Why all that scaffolding on the State House? To avoid the mistakes made last time

  • The State House golden dome is partially hidden from the scaffolding. Gilding work will begin the week of May 16. ELIZABETH FRANTZ / Monitor staff

  • The State House dome is encased in scaffolding on Friday. The scaffolding atop the State House should be finished this week, wrapping up a year of preparation for the summerlong project to replace the gold leaf on the dome. GEOFF FORESTER / Monitor staff

Monitor staff
Published: 4/24/2016 11:49:23 PM

The scaffolding atop the State House should be finished this week, wrapping up a year of preparation and setting the stage for the summerlong project to replace the gold leaf on the dome.

Just getting ready for the job has taken months and cost roughly $1.3 million. That was to avoid problems that occurred the last time around, said Theodore Kupper, administrator of the Bureau of Public Works, who is overseeing the $2.8 million project. 

“The issue was how to have scaffolding on a roof that couldn’t support 30 feet of scaffolding the last time, and we want 90 feet of scaffolding, all the way up to the eagle,” he said.

As Kupper tells it, the last time the gold leaf was replaced on the State House, in 1993, workers reached  part of the dome by sitting in hanging bosun’s chairs suspended from beams stuck out of the windows of the cupola atop the dome, called the lantern.

While relatively easy to install and less expensive, this system made for slow work, which appears to have contributed to problems with the gold leaf. The gilding on the dome began to visibly flake off in recent years, but should have lasted a decade or even two decades longer.

The last time the work was done, Kupper said, workers stripped off the gold leaf then primed the copper dome and covered it with what is known as “size,” a material that adheres well to the gold leaf. Because of the slow work pace, however, the job wasn’t finished in time.

“It sat over the winter, and they came back the following spring and finished gilding,” Kupper said.

Winter wear on the under-layer helps explain why the gold leaf didn’t stick as long as it should have. An analysis by the state recommended the entire gilding process should be completed in a single season, which required much more extensive preparation.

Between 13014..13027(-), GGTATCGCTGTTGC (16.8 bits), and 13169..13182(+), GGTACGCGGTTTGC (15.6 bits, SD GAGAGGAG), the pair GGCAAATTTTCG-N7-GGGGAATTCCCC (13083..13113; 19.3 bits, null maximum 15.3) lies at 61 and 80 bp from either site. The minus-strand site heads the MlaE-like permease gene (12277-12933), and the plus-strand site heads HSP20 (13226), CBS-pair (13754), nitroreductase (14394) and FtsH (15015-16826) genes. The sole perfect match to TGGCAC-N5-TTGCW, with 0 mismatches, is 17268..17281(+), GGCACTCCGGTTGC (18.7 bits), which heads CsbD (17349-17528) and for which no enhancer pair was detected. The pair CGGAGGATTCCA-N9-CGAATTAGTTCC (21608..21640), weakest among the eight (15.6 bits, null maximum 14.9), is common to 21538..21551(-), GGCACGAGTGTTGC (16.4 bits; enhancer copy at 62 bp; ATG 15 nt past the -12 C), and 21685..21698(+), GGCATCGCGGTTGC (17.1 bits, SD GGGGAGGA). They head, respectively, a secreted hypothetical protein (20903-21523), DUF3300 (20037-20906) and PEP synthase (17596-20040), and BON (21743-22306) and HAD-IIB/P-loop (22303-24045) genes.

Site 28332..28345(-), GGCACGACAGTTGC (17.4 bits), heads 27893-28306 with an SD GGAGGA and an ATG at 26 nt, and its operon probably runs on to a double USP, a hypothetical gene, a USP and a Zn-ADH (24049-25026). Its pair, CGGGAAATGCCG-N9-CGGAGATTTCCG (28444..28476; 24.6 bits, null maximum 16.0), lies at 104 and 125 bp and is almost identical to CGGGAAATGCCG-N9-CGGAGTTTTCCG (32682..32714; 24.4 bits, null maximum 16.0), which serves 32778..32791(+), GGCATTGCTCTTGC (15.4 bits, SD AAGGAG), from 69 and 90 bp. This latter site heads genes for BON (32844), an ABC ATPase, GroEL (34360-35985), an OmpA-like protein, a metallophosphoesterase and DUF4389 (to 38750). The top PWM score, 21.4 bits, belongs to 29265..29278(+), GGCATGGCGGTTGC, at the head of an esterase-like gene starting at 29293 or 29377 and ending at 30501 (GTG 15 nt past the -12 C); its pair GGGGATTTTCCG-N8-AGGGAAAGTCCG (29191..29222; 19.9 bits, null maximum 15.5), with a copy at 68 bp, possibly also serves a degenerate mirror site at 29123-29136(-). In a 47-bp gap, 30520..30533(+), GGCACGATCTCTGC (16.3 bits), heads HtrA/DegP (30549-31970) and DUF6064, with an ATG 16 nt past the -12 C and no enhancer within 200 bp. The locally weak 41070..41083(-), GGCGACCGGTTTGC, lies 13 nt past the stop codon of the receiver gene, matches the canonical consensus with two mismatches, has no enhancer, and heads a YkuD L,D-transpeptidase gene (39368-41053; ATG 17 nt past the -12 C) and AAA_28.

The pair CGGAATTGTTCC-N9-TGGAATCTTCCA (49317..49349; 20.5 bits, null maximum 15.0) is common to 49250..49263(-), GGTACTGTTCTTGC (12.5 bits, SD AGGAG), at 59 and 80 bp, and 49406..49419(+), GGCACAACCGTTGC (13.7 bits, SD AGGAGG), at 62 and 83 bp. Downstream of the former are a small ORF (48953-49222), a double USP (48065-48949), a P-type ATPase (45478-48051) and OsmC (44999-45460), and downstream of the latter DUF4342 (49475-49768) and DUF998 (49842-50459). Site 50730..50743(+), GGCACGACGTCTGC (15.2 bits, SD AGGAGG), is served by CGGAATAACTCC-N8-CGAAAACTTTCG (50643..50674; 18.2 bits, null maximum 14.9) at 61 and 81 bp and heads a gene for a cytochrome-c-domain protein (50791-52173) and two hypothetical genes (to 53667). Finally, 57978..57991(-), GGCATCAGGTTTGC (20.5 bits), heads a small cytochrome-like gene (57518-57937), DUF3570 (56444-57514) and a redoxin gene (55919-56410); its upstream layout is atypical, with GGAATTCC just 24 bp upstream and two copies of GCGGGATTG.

“The only way to accomplish the goal of having it all in one season was to set scaffolding around the dome – to get multiple platforms of workers up there, and even more importantly, to get material flow up to the work areas and debris flow down in an efficient way,” Kupper said.

The resulting structure, built by Maine-based Seacoast Scaffolding using material from its Loudon Road facility, is huge. The scaffolding, workers and construction material will weigh almost half a million pounds.

That size poses a problem, because last time around some scaffolding was placed on the roof of the State House and, Kupper said, “Anecdotally we had learned that at least in a couple of spots the scaffolding had punched through the roof.”  

Yet the earlier scaffolding rose only about 30-feet the bottom of the gilded portion of the dome, and was much smaller than the current version.

Last year, workers built a structural steel platform atop the State House roof that rested on the building’s masonry walls. It required removal of two gable roofs on both sides of dome as well as lots of other construction. The platform sits around the very base of the dome and can support the half-million-pound scaffolding.

There’s one more complication – involving the wind.

“Scaffolding is an interesting product. Even without the safety netting, it’s basically like a sail,” Kupper said.

Scaffolding usually rests against the building, using cushioned pads called bumps, to keep it from blowing away. But the dome, a post-and-beam structure erected in 1819, basically just sits on top of the State House, Kupper said. It is attached by only 32 bolts.

“Our scaffolding couldn’t employ bumps. If it did and the wind came along, it could literally push the dome off the building,” he said.

Instead, guy-wires had to be built all around, connecting the scaffolding to the platform and holding it down.

If all goes as planned, the safety certification for the scaffolding will be finished this week.

After some maintenance work on the lantern, Kupper said, Evergreene Architectural Arts of New York City will come for preparatory testing and then begin the process of putting sheets of microscopically thin gold on the dome.

Work on the gilding is set to begin the week of May 16.

(David Brooks can be reached at 369-3313 or dbrooks@cmonitor.com or on Twitter @GraniteGeek.)

David Brooks bio photo

David Brooks is a reporter and the writer of the sci/tech column Granite Geek and blog granitegeek.org, as well as moderator of Science Cafe Concord events. After obtaining a bachelor’s degree in mathematics he became a newspaperman, working in Virginia and Tennessee before spending 28 years at the Nashua Telegraph . He joined the Monitor in 2015.

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